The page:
Since I've mentioned all the above before (albeit not very effectively), perhaps it behooves me to introduce a new point. Strictly speaking, the actual literal owner of a YeNom is merely a number (more specifically a private key). Moreover -with regard to the core service- any particular YeNom itself is simply seen as a meaningless string of characters (essentially a very huge yet specific number) with no significance whatsoever other than it's ownership by some private key. This might appear a bit silly, but helps defend against ever more cockamamie and malevolent contrivances posed by the state. The idea of forfeiture for instance is to punish/imprison say a bad yacht for possessing a drug/herb - all without molesting the owner with any charges. Now isn't that thoughtful? Why not flip that type of stupidity on it's head to protect owners instead of robbing from them? I mean, if a number (private key) owns another number (i.e. precisely defined digital YeNom file), then we are talking of abstractions free of any terrestrial jurisdictions. Logically speaking, participation in this plan would hardly effect the legal status of any flesh & blood human-being. So the idea is to free those who control secret keys from covetous troublemakers. Further details and ramifications of numerical ownership are found here: under the heading “A FEW KEY DETAILS:” Also note that “GNU.hope” was the term I originally used instead of “YeNom” and this article employs the former.
To further protect YeNom owners - SUYO (the name for the core system) must be committed first & foremost to staying online and fully functional. Nothing can be tolerated that could potentially interfere with operations. Thus SUYO needs to be totally unencumbered by any issue participants may have among themselves concerning performance of obligations, key ownership, etc. These things are better addressed by independent services since taking on such responsibilities could make SUYO vulnerable. The expressed role of SUYO is simply to provide a clean secure stage that maximizes the “principle of shared understanding” through simple axiomatic rules that everyone can readily agree on and fully relate to. For us to fill in any holes perceived by participants could undermine our position and thus NOT constitute the service one might think. SUYO must absolutely steer clear of any autocratical postures and welcome third party competition to address all secondary needs. Choice -being the crux of freedom- is always the guiding principle here.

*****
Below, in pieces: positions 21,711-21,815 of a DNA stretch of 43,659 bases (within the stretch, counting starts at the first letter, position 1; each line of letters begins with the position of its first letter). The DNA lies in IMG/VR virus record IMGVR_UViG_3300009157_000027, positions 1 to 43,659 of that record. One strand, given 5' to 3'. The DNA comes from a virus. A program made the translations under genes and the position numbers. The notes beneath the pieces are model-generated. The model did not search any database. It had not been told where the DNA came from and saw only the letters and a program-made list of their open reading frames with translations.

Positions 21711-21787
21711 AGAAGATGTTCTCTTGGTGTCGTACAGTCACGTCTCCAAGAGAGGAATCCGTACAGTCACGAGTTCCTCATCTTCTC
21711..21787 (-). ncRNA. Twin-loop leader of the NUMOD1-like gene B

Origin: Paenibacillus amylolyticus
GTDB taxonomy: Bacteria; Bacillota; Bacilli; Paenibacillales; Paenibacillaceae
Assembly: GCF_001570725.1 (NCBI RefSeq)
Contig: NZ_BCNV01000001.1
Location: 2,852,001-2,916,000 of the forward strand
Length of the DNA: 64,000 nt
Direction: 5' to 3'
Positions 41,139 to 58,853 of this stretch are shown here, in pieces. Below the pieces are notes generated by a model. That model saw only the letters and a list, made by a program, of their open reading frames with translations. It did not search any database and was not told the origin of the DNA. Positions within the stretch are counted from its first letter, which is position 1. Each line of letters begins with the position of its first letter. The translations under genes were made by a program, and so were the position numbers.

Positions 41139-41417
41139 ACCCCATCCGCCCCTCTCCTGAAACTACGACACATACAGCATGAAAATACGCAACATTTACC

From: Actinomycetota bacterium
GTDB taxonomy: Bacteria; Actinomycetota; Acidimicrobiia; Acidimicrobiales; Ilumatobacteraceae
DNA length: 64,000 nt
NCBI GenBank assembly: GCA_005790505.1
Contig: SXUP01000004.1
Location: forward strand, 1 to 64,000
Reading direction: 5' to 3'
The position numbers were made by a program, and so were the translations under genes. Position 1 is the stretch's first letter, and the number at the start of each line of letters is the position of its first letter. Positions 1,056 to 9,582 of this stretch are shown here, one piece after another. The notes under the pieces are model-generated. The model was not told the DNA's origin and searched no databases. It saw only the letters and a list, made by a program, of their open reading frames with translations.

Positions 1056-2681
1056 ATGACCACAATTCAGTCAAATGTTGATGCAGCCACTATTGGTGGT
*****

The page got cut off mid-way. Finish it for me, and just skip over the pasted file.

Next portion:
SUYO is the essence of non-judgmental tolerance. Hence the YeNom/SUYO world, like the natural world itself, is amoral. Morality is up to the participants to determine. For example, #Z may accept from #X a digital document granting title to the Brooklyn Bridge. Or #Z can even become owner of #X's permission (or mission order) to plunder M.Jackson's mansion and ravish any young children found therein (or set off a cryptonite-bomb in Smallville, etc.). Again, the point is that #X's offer (formally called a YeNom Gesture) is -for the core system itself- nothing more than a bucket of bits wholly devoid of significance, truth value, or moral relevance. Worth like beauty is in the eye of the beholder (system participants). SUYO embodies maximum tolerance, and only assures that every owned YeNom file is unique while thoroughly supporting the ‘sacred’ agreement that said file is the exclusive property of #Z (or any new owner it's been transferred to). This ownership is secured NOT by keeping the owned YeNom object secret nor locked up, but (to the contrary) is actually assured through the online (well mirrored) database consisting of all YeNom files which is freely accessible by all (database is officially known as the GWR).
As evident in the foregoing, another vital strategy (as modeled after UNIX) is to employ small robust autonomous modules that execute their specific duties to perfection while easily, readily & reliably interacting with each other for maximum flexibility.
Again, SUYO/YeNom is more designed to support alternate exchange systems than to compete against them. 1st, anyone is more than welcomed to create a coupon for any given number of some specific LETS units; and then offer same to a recipient as a YeNom Gesture. When a recipient accepts (by digitally signing the offer and submitting it to our GWR database) a YeNom is created with recipient as the secure undeniable owner. So now the LETS based coupon enjoys the advantage of both its issuer and owner being explicitly known and (thanks to common cryptographic signature technology) easily verifiable by anyone. 2nd, it gains international exposure in the GWR. 3rd, any LETS is encouraged to utilize existing or specially created YeNoms as a monetary base upon which to issue their currency. (LETS = Local Exchange Trading System).

OK, finally I can reflect a little on some of the interesting issues you've raised.
First on 06-06-09 you started by saying:
>while I do agree with your evaluation of
>e.g. Linux & Wikipedia, going cheaply from
>success to success in a relatively short time,
>I do not agree with your approach to sell your
>particular monetary utopia to Wikipedia.

Well one of the reasons I turned to them in the first place is because I thought they'd be more open minded than most, and that YeNoms would be a perfect fit for their needs. But things have certainly unfolded to prove you to be 100% correct! So I'm wide open for any suggestions.